Once towards the bottom of the Erewash, a few challenges for steering came up. First was the S bend at Long Eaton, a tight 100 or so degree left hand turn, under a bridge, followed by an equally tight right. I’ll have to admit that I got it wrong, having turned too late and so not being able to swing the fore end around enough, after a dodgy moment part way round – “it’s turning, but is it going to turn enough…. is it…. nope, right, full reverse!” managed to avoid clouting anything and had another go.
Once through Long Eaton and towards Trent Lock and the end of the canal, the wind really picked up in the more exposed countryside, and steering past the lines of moored boats meant going slightly above tickover; but better that than a clout. Willow’s 65 or so feet of cabin, at times, really caught the wind at times. But then again, we wanted the challenge of a longer, older boat, so brought it on ourselves!
The wind also picked up throughout the day, and being too deep to get satisfactorily into the lock landing stages, it was a case of picking the downwind side of the lock mouth, and putting the fore end in there, keeping the back out with the engine as required. Most of the locks were against us, but Amy gamely leapt off the boat at bridgeholes and walked ahead to try and get most ready to come into straight away.
Moored by Trent Lock was the gorgeous Worcester and Birmingham tunnel tug Sharpness. Willow would probably have passed it often in working days, as they both worked the same waterways.
By this point we had met up with Paul, avid blog follower and supplier of honey. He accompanied us to Trent Lock, where we saw Ian and Irene on Free Spirit, and where we moored up on the facilities point to empty the cassettes (the disposal point at Langley Mill being out of order) and to don lifejackets.
At this point, when mooring up, I somehow managed to misstep and fell in. But only a bit, up to my knees, as I was able to grab the rope that I was tying at the time. And because it was less than half, I can round it down to zero. So the least said about that the better.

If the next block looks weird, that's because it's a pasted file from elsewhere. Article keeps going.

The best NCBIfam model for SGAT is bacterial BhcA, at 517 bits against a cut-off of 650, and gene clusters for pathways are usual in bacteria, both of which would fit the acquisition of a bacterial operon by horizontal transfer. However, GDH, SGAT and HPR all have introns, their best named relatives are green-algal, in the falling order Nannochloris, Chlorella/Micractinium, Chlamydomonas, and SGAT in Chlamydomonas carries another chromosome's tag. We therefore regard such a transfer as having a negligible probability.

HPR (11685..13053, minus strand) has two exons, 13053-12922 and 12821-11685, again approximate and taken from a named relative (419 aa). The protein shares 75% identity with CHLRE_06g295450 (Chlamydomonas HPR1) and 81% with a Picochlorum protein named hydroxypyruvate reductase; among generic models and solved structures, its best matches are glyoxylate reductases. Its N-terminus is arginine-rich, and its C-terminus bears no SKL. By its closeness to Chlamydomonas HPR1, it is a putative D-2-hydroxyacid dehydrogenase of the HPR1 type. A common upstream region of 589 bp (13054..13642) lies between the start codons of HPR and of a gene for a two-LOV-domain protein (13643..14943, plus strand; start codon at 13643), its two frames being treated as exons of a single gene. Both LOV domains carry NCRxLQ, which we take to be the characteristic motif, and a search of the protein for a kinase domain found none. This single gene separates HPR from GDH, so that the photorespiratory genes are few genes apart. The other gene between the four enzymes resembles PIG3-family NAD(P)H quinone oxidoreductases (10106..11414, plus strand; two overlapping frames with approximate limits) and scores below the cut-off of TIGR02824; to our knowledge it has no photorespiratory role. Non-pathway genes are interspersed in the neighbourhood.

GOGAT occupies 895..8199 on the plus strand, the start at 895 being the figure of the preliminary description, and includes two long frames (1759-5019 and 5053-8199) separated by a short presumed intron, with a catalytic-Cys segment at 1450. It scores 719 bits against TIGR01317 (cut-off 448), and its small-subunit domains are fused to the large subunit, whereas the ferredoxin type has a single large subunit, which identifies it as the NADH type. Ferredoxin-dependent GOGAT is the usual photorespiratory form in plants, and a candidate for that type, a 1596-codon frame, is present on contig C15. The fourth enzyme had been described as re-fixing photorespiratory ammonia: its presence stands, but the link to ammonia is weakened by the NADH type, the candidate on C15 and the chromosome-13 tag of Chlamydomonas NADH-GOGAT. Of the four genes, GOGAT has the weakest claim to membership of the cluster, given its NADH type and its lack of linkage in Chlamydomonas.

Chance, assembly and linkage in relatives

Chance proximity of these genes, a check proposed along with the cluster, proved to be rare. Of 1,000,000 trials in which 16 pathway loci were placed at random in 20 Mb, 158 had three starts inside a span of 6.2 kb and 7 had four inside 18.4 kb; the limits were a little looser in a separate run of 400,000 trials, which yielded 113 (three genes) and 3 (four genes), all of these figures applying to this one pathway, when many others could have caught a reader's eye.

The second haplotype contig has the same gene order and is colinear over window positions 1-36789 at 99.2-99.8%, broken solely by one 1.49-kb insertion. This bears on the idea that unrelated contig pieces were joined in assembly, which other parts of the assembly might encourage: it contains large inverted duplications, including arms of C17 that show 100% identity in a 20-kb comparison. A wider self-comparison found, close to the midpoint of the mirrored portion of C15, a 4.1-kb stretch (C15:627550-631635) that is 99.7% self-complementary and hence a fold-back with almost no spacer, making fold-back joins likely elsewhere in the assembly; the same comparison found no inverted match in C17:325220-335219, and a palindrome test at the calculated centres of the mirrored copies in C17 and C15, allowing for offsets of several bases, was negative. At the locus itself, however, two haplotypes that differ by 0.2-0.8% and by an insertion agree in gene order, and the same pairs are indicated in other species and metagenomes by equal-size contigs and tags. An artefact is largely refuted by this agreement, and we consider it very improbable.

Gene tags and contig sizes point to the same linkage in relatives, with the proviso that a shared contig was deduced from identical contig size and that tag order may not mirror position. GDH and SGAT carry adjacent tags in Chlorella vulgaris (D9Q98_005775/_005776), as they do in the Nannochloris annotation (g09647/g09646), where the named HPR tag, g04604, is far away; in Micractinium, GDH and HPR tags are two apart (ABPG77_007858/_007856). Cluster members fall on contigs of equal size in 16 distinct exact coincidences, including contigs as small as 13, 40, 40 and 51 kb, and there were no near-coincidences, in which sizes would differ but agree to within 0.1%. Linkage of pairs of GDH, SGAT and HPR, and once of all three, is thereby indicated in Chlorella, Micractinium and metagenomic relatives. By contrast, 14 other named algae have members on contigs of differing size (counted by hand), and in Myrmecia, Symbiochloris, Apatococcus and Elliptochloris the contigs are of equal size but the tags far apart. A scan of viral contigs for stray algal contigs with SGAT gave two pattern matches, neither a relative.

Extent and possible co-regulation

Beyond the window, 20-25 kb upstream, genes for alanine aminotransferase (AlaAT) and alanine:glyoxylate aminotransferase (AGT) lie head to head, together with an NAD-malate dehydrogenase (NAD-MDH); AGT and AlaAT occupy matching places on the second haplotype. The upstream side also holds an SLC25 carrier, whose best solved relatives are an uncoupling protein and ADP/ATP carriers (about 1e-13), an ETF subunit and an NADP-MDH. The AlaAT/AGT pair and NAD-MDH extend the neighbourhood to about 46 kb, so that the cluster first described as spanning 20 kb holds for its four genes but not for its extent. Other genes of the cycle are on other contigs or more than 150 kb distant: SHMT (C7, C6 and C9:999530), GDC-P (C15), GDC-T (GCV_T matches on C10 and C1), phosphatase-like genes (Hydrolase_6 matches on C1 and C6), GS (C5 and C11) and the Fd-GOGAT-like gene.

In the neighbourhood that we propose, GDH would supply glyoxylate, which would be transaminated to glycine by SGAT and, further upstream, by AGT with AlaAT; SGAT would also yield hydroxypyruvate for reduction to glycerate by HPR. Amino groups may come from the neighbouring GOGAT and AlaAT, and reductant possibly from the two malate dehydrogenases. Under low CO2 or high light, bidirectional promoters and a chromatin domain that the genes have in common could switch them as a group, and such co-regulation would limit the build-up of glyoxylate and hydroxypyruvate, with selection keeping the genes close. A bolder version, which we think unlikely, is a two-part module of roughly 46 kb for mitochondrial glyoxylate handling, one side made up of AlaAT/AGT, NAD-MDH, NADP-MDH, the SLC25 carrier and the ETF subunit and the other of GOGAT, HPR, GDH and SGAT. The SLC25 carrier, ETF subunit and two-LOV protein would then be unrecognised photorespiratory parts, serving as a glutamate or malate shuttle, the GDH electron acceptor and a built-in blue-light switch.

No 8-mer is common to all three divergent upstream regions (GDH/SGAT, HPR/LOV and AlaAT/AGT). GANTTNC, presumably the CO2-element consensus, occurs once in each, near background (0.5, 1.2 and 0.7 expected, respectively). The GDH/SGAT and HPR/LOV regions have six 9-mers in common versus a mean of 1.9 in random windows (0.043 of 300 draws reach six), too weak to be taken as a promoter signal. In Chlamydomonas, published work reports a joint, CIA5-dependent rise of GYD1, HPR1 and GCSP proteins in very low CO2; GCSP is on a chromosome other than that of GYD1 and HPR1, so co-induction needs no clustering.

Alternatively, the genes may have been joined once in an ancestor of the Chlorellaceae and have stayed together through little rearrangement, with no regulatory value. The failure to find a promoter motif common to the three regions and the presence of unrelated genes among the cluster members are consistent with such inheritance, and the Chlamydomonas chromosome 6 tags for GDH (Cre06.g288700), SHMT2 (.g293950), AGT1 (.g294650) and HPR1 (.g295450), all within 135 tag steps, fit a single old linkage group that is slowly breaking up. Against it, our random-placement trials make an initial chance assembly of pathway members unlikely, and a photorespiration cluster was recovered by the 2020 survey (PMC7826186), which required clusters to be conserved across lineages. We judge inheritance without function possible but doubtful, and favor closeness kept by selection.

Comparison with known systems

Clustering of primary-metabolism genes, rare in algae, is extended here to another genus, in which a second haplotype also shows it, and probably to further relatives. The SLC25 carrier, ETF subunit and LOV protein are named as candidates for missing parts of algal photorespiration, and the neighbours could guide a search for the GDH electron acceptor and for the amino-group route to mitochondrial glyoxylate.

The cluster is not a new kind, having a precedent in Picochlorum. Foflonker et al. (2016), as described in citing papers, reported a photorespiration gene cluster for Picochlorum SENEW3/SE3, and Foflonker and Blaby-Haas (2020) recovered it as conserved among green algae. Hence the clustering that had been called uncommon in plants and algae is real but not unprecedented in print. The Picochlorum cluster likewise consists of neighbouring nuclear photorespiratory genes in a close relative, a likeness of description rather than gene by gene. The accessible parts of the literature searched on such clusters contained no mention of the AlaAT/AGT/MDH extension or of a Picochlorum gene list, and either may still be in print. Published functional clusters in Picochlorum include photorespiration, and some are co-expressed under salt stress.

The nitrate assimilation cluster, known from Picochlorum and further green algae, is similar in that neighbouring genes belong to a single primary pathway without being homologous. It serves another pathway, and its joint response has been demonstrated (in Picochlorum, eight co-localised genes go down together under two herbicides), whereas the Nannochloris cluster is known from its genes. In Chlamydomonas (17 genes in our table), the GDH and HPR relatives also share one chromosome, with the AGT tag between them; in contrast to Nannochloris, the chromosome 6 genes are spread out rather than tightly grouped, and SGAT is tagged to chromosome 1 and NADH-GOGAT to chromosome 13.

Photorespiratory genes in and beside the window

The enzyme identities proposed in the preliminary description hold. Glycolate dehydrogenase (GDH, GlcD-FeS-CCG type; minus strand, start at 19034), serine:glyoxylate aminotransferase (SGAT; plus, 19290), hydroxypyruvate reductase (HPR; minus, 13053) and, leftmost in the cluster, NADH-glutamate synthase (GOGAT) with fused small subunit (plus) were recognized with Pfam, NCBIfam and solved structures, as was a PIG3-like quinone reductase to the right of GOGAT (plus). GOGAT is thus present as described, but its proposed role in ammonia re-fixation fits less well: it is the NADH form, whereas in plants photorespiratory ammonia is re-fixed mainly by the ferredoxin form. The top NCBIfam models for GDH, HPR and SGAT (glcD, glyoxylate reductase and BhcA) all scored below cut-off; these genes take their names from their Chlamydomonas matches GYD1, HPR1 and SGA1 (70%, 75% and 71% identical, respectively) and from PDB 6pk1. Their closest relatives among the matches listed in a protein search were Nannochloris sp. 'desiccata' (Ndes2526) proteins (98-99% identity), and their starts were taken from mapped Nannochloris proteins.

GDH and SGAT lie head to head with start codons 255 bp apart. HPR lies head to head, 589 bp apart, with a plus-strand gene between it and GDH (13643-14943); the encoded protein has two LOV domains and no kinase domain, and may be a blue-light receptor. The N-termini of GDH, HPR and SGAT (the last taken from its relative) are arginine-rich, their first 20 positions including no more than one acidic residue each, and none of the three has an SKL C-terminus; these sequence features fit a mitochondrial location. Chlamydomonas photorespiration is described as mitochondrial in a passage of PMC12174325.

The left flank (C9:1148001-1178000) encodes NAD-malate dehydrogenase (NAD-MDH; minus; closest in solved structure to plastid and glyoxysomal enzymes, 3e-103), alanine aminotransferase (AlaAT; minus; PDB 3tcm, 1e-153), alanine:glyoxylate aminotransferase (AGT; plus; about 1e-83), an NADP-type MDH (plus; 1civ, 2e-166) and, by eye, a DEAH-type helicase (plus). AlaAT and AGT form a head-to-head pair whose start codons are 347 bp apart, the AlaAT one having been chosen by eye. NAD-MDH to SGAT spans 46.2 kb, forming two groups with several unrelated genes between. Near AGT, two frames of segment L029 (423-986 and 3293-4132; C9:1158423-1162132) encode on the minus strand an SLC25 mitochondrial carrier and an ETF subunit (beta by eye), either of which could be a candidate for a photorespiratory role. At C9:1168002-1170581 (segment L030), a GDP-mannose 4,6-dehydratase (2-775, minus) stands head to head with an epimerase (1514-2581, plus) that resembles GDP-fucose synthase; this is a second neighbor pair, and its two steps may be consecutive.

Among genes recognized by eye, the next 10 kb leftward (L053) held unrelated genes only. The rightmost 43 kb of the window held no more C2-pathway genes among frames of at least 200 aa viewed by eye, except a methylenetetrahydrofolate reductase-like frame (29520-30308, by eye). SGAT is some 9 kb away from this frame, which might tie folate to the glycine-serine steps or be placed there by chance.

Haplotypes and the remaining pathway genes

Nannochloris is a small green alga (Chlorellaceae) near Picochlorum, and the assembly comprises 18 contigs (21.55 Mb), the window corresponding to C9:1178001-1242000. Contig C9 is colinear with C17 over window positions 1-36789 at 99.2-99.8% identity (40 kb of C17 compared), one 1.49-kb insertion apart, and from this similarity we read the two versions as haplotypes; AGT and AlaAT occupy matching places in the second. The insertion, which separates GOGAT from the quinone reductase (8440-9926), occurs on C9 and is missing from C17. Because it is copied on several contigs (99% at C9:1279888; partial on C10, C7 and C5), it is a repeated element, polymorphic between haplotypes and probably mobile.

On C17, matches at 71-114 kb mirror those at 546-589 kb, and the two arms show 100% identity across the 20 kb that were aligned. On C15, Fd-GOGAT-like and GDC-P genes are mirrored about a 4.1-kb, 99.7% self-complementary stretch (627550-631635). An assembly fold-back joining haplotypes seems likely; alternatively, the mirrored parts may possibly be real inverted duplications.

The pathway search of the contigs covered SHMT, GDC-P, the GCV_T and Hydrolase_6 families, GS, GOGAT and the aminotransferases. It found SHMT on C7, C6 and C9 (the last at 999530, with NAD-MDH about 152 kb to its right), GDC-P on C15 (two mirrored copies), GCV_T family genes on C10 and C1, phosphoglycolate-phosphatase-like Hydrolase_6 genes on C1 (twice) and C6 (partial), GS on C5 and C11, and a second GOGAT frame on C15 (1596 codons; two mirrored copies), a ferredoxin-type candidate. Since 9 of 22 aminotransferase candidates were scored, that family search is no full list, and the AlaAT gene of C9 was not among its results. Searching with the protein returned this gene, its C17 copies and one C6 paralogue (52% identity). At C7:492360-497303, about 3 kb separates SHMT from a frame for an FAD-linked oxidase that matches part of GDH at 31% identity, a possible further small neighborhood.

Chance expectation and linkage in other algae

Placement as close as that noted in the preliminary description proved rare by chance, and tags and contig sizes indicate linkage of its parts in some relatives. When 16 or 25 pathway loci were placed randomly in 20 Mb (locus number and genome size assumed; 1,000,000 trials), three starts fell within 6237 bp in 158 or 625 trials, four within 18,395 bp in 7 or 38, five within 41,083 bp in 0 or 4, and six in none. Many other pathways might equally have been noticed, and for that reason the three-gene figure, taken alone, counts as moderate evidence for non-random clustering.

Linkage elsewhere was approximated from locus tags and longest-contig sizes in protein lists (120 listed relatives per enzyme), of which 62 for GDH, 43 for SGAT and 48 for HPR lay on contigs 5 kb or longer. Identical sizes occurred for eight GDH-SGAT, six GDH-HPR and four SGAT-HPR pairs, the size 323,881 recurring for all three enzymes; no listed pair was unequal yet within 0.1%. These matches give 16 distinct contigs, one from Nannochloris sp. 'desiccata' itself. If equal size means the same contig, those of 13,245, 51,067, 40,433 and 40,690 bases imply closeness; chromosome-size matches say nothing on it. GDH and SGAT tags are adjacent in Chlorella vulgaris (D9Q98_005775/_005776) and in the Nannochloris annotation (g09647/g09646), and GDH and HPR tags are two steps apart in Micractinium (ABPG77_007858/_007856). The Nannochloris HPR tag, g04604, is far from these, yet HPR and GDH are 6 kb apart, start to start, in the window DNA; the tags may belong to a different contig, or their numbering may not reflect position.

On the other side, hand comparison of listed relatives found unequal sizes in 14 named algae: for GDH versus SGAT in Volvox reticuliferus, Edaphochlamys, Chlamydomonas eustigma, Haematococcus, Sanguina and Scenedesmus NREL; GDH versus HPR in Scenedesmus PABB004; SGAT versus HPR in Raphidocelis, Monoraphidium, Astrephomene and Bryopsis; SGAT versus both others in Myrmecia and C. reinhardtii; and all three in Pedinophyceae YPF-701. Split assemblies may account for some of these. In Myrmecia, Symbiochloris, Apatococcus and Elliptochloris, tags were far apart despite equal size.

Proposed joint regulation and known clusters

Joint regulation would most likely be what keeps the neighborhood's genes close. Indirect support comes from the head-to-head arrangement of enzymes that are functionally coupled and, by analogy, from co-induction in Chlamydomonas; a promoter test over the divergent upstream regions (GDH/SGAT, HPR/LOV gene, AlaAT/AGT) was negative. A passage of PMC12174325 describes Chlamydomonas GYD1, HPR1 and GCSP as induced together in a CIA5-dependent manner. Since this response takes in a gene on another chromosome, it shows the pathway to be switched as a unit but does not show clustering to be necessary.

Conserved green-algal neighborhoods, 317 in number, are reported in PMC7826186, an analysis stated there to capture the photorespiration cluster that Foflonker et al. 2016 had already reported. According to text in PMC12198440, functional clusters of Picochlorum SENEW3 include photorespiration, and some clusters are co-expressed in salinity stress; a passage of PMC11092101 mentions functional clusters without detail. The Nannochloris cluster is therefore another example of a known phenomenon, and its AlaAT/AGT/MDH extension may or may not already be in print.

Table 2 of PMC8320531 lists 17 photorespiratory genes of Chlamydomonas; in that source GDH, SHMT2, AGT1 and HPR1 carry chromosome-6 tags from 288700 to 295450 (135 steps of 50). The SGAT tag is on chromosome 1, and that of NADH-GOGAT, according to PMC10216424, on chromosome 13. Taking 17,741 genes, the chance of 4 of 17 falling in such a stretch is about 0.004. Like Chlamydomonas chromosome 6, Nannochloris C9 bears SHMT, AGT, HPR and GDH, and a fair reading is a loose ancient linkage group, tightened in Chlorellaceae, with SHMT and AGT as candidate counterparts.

Once locked through Trent Lock, Paul was able to take some wonderful photographs of us on the Trent.
It was a bit choppy, but nothing the very bluff fore end couldn’t handle, as it shoved aside a few waves with impressive clouds of spray. I managed to slightly muck up steering the entrance to the Soar, as well, and had to stop the boat and then turn to come in rather than the one smooth movement I planned.
Once onto the Soar, the flow and strong wind, combined with many sharp corners, lowered morale somewhat; but tea and biscuits soon sorted that. After encountering our first rowers, from Loughborough University in a single and a double scull, we met up with another boat travelling in the same direction at Zouch lock, and they generously agreed to wait at the next lock.
We arrived and put Willow in alongside their 68′ boat – but couldn’t close the gate on our side. Willow was about 6 inches too long for the gate to close. The remedy was for the other boat to reverse, I pushed Willow across the lock diagonally, and then Amy was able to close the gate on our side. I was then able to push Willow back across behind the now-closed gate. A handy trick to bear in mind in future – but also it made us realise just how extremely long Willow is.
Soon afterwards we came to Loughborough lock, and straight afterwards decided to moor up in Loughborough and call it a day. 12 hours of steep learning curve boating, in high winds- that’ll do for now.